Last year at this time we linked baseball’s "Chosen One," Bryce Harper, and basketball’s "Lightning Rod," Jeremy Tyler, tightly together to form high school sports’ most intriguing and powerful pair.
But in 12 months, that chord has obliterated into at least 15 million pieces. In terms of acclaim, fortune and solid gold futures, they sit on opposite ends.
On Monday, Harper secured the No. 1 pick in the Major League Baseball amateur draft by the Washington Nationals, and with it – thank you, Scott Boras – a probable four-year, $15-million-plus deal.
His and his family’s shocking and scrutinized decision to leave Las Vegas High School after the 10th grade to position Harper early for the Major Leagues looks more than a little brilliant.
On the other end, Tyler’s also-highly dissected choice to leave San Diego High School before his senior year – the first incoming senior ever to do so – appears, at best, to be ill-advised.
With a scholarship to Louisville already secured, Tyler instead took his game and a $140,000 contract overseas to play for Maccabi Haifa in Israel.
The idea was that the extremely athletic 6-foot-11 power forward would progress physically and emotionally playing against bigger and stronger men, making him a sure-fire lottery pick – if not No. 1 choice – in the 2011 NBA draft.
It worked the previous year for another Southern California native, Brandon Jennings, who following a season in Rome was the No. 10 pick overall by the Milwaukee Bucks and made the first-team all-rookie squad in 2009-10.
But within the first three months, Tyler was clearly disgruntled, as were the coaches and players for Maccabi Haifa. According to a New York Times report, Tyler, 18, was described as lazy and out of shape by coaches and simply not mature enough to manage a new setting, a new country and a professional career.
In March, with five weeks left in the season, Tyler quit the team. He played in just 10 games and averaged 2.1 points, 1.9 rebounds and 7.6 minutes.
College career kaput
Conversely, Harper, 17, playing at nearby College of Southern Nevada and living at home with his parents and playing for longtime family friend Tim Chambers, hit .443 with a remarkable 31 home runs, 98 RBI and 20 steals.
The 6-3 catcher, outfielder and Sports Illustrated cover boy was also an honor student after earning his GED in the fall.
Meanwhile, Tyler is back at home in San Diego without a high school diploma. He’s planning his next move, which, according to adviser Sonny Vaccaro (who also advised Jennings), is perhaps a European stint, likely in Italy.
One thing for certain: Tyler’s college career is kaput. He collected money, trashing his amateur standing for life. The NBA Developmental League is a possibility but, at this point, his 2011 lottery status is a half-court heave at best.
Meanwhile, Harper is already set financially for life and is a cornerstone for one of the league’s most promising franchises. Last year’s No. 1 overall pick, pitcher Stephen Strasburg, is scheduled to make his Major League debut for the Nationals today. Harper and Strasburg are the sport’s future dream battery.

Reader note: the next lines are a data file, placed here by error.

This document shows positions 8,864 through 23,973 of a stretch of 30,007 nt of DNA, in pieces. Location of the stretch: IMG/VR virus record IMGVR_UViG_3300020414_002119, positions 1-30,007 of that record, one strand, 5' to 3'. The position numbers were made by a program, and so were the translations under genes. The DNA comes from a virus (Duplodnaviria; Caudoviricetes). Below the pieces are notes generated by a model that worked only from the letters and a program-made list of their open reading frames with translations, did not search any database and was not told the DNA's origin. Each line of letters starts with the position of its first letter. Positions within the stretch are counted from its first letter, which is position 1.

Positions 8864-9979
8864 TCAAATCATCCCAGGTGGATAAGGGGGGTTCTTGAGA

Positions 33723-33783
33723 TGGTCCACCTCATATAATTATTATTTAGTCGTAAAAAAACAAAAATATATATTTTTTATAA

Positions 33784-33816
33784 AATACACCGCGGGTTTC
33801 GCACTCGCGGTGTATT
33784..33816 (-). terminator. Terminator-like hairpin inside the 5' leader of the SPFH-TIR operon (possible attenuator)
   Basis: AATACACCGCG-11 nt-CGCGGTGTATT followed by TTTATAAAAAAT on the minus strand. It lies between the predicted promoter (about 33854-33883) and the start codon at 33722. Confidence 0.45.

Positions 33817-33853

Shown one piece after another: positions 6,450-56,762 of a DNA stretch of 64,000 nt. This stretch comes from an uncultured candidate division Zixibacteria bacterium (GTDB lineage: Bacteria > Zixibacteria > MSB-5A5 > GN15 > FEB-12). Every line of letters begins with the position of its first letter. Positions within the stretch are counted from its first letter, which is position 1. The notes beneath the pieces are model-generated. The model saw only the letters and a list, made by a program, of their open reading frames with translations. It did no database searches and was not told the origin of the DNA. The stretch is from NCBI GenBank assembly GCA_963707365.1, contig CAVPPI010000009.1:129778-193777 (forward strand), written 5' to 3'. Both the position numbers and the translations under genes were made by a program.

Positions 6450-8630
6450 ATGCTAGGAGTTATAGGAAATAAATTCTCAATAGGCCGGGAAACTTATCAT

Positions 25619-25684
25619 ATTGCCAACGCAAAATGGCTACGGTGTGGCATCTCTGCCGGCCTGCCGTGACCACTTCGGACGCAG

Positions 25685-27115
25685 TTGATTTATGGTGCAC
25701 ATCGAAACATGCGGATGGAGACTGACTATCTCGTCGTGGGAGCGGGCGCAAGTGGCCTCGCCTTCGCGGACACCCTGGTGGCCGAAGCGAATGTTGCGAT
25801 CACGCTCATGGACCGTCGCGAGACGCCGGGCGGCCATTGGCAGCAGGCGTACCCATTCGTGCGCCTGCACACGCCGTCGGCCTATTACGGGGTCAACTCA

"I never doubted it at all," Harper said after Monday’s draft. "I’ve been dreaming about being the No. 1 draft pick since I was 7 years old."
Tyler certainly hasn’t given up on his dream, nor should he. He’s still three or four years removed from when many of the sport’s greats began their professional life – Chamberlain, Russell, Jabbar.
Times are certainly different now. Everything is now, not later. Everyone is in a rush for fame, fortune and the American dream. During a week we lost American icon John Wooden, Tyler should adhere to one of his most famed axioms – "Be quick, but don’t hurry."
OK, you say, so then how did it work so quickly for Harper?
Long shot in faraway land
The disconnect between he and Tyler is clear. Harper’s roots are utterly grounded. His dad is an ironworker. Though the decision to leave high school so early appeared lofty, even arrogant, clearly the thought process was sound, decisive and strong.
Harper was a major-league talent at 16, college ball was out, and he was a great student, so why waste two years diddling on clearly inferior (for him) high school ball fields and in class rooms?
Tyler’s family had similar reasoning, but clearly far less reasonable options.
Harper, a quiet, humble, no-nonsense kid, wasn’t leaving the nest. He had the support of loved ones within a throw from home to second base. Tyler, tightly wound and admittedly self-absorbed, was clear across the continent on his own in a dingy one-bedroom apartment.
Forget about mastering professional post-up moves and footwork. He had to learn to cook his own meals, wash clothes, manage time, speak a language and learn a culture. Harper simply had to get around on faster pitches and throw out faster runners.
In short, Harper was set up to excel. Tyler was a long shot in a faraway land.
Beyond that, basketball itself feeds its future stars an unhealthy diet of "you-are-the-greatest" junk talk, fattening the ego to obese proportions. Baseball, a game of failure, is inherently humbling and requires a lean, nose-to-the-grindstone approach.
Yes, Harper did don the cover of Sports Illustrated with the LeBron James "Chosen One" tag, but his family shut down most of the media requests following the magazine’s portrayal. Tyler, meanwhile, is currently in the middle of a four-year documentary project about his life with the boorish title, "MY LIFE: The fate of a phenom."
Fortunately, no life is fated. Otherwise there would be no reason to work at it or to admire greatness from afar.
I’m hoping Tyler and Harper can re-connect on the power train. But if they don’t, there’s loads for all to learn.